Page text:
62,448,977 in mainland France, divided by 3.7 to 4.1 million Muslims gives a percentage of the population of 6.57%, [thank you, Nigel].
It is a significant minority and rapidly expanding. One estimate puts the Muslim birthrate at three times that of the "indigenous" population. I use the term indigenous with care, as "indigenous" includes Muslims going back many generations.
Nevertheless, whichever way you wish to slice or dice it, it still creates a "problem" like the expanding population of Catholics in Northern Ireland. That is a problem for the Protestants, not initially for the Catholics but then becomes one for them in turn. In France, the strife in the banlieues [thank you, Pedant's Apprentice] is but one manifestation but it's not the only issue in France.
That of laïcité has been around for centuries, at the centre of slaughter and helping spawn philosophers. The matter is not resolved but in the corridors of power, it is the guiding principle. Mixed in with this issue is the taking of citizenship and citizenship rights by so many Muslims and there's a pretty problem:
A parallel process of Muslim enfranchisement is accompanying [the] population surge. Nearly half of the ... Muslims in France are already French citizens. The situation is similar for most of the ... Muslims in Great Britain. Most recently, in 2000, Germany joined the countries where citizenship is granted according to birthplace instead of ancestry. The new German citizenship laws added already a half million voters to the rolls and have opened the road to citizenship to all other Muslims in Germany.
Laïcité is at the centre of Sarkozy's remarks. At pains to redefine the issue as one of oppression and an "affront" to human rights, he understandably wishes to steer the focus away from the religious aspect. Again, whichever way you cut it and I'm not taking sides on the matter, it is a divisive garment, the burqa and the human rights angle muddies the waters and dilutes the opposition to its banning, i.e. leftist thought in France.
It would be interesting to see if the wearing of the cross would follow that; I feel it would not in the forseeable future in what is, after all, a Catholic country and with the political implications with the papacy.
Opinion in France, as Sarkozy well knows, appears divided along political lines:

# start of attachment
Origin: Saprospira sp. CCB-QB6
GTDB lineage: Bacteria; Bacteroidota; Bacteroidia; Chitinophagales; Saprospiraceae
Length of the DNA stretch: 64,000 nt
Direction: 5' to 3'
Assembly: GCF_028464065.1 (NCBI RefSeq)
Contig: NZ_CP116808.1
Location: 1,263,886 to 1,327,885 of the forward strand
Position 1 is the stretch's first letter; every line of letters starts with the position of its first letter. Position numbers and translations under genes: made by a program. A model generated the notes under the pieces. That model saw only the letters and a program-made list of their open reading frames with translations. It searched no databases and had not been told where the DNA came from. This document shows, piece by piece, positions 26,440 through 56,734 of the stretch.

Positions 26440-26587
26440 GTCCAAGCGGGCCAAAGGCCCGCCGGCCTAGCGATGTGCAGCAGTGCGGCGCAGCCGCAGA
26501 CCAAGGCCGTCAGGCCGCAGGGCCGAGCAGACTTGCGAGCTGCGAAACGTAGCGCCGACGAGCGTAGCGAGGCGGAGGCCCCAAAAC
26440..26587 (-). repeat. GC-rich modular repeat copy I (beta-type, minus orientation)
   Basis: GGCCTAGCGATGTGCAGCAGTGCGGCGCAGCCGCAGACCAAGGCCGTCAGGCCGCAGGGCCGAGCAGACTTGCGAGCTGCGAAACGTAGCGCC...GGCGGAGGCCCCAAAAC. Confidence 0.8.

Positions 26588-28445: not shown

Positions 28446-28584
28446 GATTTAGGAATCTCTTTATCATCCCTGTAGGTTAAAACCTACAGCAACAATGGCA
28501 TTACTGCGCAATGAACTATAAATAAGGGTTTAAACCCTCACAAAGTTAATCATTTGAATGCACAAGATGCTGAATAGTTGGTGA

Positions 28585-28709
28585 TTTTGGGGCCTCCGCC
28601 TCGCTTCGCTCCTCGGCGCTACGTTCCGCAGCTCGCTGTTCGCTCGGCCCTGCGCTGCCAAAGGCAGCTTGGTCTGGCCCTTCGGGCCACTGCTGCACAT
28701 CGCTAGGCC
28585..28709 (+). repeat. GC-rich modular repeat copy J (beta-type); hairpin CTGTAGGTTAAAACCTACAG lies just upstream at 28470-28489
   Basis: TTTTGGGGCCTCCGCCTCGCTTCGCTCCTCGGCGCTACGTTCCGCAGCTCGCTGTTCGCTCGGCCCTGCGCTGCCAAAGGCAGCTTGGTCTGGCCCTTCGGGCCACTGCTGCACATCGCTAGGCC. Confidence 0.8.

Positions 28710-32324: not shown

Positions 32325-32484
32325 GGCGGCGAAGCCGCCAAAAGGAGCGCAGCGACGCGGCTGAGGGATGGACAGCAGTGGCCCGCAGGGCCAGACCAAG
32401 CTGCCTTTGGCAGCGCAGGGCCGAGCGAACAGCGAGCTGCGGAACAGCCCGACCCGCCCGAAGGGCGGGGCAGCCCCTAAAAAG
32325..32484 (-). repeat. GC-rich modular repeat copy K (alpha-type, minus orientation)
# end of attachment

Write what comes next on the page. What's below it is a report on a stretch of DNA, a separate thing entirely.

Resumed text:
Cinq ans après la loi de mars 2004 sur le voile à l'école, le problème de l'affichage de signes distinctifs religieux particulièrement voyants et attentatoires à la féminité – burqa ou niqab – suscite à nouveau un vif débat qui transcende largement le clivage droite-gauche.
Le Figaro doesn't seem to be carrying too much on the issue at all. Le Monde carried the Muslim side of the story. An interesting interview in Jakarta from 2004, throws some light on the official Muslim position:
ULIL: Can you estimate how many Muslims in France wear headscarfs?
AF: Statistic indicates that about 80% of Muslim women in France do not wear headscarfs. Hence, only 20% wear headscarfs. Syafiq Hasyim told us that some Muslim figures have said that the matter of headscarf is not an important religious matter. The French government asked the Muslim leaders in France about this and they said that it is not a big problem and that the most important is integration of the Muslim children. Hence, to them, it’s not a fundamental matter.
ULIL: What do you mean by mentioning that secularism benefits the Muslim community?
SH: It is because they are led by the majority law system supporting secularism. If only they accept not laicite or secularism, there will be a chance for the French people to adopt the Catholic system, since their major religion is Catholicism.
In other words, the Muslim spokespeople will make all the right noises against the move but actually, they are not against laïcité per se, as it affords them the best chance of keeping the Catholic Church in check and not reasserting its position within France. The Muslim task of the islamicization of France can then proceed without great hindrance.
From all this, one can conclude that the burqa will be banned but rather than be the next step on the road to the reassertion of France's traditions, it will actually aid in the islamicization of the country.